An example of such a server that does not want to cooperate with forced encryption is the one from Google (GMAIL addresses). In the case of this type of servers, we can naturally use OTR (Off-The-Record messaging) or PGP/GPG encryption keys to secure communication ourselves. The problem is that it is not very convenient. OTR may make the whole process much easier, but it still requires the user to perform several additional steps. And if you have your own Jabber server (with forced TLSv1.2), you basically don't need to do anything else to encrypt the traffic, at least in the case of users who have an account on our server. Of course, we can still use OTR or PGP/GPG keys as an additional layer of security.

Installation and configuration of the ejabberd server

There is a package available in the Debian distribution ejabberdand also several packages with different modules ejabberd-mod-*. In the stable release, these packages are in a quite old version (14.07). Therefore, it is better to add the Debian backports repository and install the appropriate packages from there, because here we have version 16.09.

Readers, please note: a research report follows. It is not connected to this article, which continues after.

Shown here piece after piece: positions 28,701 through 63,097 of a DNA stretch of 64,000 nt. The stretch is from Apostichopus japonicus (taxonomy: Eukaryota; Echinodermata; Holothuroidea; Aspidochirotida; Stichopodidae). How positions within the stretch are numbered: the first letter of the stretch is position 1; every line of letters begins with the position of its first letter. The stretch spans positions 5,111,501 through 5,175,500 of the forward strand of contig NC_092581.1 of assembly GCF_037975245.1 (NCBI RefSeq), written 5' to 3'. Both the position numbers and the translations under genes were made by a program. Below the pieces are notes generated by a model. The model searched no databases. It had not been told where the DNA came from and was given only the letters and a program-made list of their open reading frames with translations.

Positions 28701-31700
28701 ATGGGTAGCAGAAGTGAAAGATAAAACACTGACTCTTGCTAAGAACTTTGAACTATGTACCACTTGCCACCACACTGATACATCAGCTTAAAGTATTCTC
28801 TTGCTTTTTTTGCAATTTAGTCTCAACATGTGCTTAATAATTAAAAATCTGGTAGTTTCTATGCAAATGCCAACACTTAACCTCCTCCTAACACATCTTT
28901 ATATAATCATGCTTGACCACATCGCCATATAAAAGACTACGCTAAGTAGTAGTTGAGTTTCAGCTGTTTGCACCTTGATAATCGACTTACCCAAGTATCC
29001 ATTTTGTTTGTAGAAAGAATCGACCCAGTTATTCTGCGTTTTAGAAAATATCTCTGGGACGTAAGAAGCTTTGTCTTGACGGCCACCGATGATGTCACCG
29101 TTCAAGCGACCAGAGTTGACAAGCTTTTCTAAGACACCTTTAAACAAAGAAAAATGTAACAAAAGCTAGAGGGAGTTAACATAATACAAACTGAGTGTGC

After installing the package ejabberd, /etc/ejabberd/a file will be created in the directory ejabberd.yml. This file contains the configuration of our Jabber server. However, before we can edit this file, we need to do a few other things.


Morfitronik is hosted on OVH and its domain is morfitronik.pl. The Jabber server will be connected to the subdomain jabber.morfitronik.pl. This subdomain must first be created, i.e. add the appropriate A/AAAA record in the DNS configuration. You may be told that instead of creating a separate A/AAAA record for the subdomain, it is better to create a CNAME record and specify the target address there. From what I found on the Internet , later indication of the target address with CNAME in the SRV record will cause problems, and this is the case with OVH:


That's why I created a separate A/AAAA record instead of CNAME.